Tuesday, October 8, 2013

you, alfred hitchcock!

Yesterday on Facebook, Dollar Store Crafts shared a link to a picture of an elegant Halloween wreath made of black birds (they called them ravens). There was a detailed tutorial explaining how to hot-glue ten (10) dollar-store birds to a styrofoam wreath form. I don't usually do much decorating for Halloween, but this piece caught my eye.

Steve hates the noisy black crows that fly through our neighborhood most late afternoons and early evenings, often terrorizing smaller birds. He will sit at the bistro table in our front garden and fantasize about ways to kill them. Like, a water cannon. And so I knew that hanging some black bird effigies on our front door would appeal to him.

A digression about wreaths. My mother grew up believing that wreaths should be hung only to signify that there has been a death in the family, and that the body is still laid out in the house. Presumably when the hearse comes to take the body away, the wreath will be taken to decorate the church and, finally, the grave. Thus for me, hanging a wreath has that added frisson of childish rebellion.

So I went to our local Dollar Tree store and looked at all the items of Halloween decor. The black birds were tossed together in a big box on a bottom shelf along with other black things: unreal fluffy black owls, black plastic rats, and spiders of all sizes. I sorted through everything in the box and placed all the realistic crow-like black birds in my shopping cart -- then sorted those by shape and condition. Some had outstretched wings, while some held their wings close to their bodies. I selected four of each.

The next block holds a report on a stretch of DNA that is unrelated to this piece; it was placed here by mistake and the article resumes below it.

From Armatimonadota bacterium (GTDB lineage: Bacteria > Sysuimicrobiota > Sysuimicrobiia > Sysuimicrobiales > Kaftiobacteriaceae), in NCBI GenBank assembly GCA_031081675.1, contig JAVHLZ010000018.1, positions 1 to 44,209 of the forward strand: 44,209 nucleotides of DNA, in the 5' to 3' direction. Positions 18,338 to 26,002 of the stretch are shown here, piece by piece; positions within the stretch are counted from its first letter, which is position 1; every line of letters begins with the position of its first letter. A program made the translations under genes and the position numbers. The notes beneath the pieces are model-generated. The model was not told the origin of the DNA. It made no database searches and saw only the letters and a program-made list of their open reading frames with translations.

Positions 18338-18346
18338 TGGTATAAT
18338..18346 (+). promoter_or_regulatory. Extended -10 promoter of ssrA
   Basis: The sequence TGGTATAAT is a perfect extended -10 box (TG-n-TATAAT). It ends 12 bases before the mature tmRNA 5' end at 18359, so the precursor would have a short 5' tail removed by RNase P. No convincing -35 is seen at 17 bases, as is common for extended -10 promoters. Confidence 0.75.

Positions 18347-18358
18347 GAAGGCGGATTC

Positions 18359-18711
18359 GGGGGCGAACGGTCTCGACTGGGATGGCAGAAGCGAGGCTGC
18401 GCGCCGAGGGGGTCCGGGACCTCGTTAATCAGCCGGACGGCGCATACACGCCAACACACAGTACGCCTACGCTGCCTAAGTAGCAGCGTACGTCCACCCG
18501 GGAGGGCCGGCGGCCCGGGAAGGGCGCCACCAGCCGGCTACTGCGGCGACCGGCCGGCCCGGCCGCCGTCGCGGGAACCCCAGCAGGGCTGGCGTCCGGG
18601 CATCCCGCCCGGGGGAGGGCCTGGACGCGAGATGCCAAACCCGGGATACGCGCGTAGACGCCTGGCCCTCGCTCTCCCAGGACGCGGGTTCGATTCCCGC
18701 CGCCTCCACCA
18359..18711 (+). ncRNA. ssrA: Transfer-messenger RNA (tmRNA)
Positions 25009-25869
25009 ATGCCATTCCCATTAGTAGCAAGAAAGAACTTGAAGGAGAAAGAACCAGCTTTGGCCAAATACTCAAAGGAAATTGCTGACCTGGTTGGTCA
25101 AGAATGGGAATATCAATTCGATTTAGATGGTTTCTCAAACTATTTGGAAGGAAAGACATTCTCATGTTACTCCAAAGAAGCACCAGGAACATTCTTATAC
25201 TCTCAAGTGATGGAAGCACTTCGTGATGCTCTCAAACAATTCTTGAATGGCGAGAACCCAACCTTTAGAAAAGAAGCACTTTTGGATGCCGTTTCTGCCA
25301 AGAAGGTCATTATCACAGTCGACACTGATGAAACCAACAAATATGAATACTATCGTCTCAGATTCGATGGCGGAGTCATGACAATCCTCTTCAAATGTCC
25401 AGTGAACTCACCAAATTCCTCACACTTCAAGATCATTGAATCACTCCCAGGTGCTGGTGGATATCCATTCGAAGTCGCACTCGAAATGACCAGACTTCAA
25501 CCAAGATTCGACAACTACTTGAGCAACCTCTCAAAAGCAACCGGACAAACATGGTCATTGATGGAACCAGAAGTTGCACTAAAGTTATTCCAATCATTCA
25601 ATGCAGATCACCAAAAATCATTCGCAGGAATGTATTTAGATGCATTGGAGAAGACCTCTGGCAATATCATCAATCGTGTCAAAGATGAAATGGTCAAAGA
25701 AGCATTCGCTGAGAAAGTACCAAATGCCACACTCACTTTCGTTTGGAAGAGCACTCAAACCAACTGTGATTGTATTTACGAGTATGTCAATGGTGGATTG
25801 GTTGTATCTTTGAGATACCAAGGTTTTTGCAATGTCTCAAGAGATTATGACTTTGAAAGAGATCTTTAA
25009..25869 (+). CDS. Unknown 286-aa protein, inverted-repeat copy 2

Dollar Tree was not stocking any styrofoam wreath forms, but Steve was quick to adapt a wire coat hanger, and seemed to enjoy stabbing it through the birds. We alternated the two bird shapes and added large black beads in between. An orange velvet ribbon set the whole thing off nicely, but I decided to forgo the dusting of black glitter.

If this wreath lasts until Halloween I'll be surprised, but I think its therapeutic value has been fully realized already.

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POSToccupations by Frances Talbott-White is licensed under a Creative Commons Attribution-Noncommercial-No Derivative Works 3.0 United States License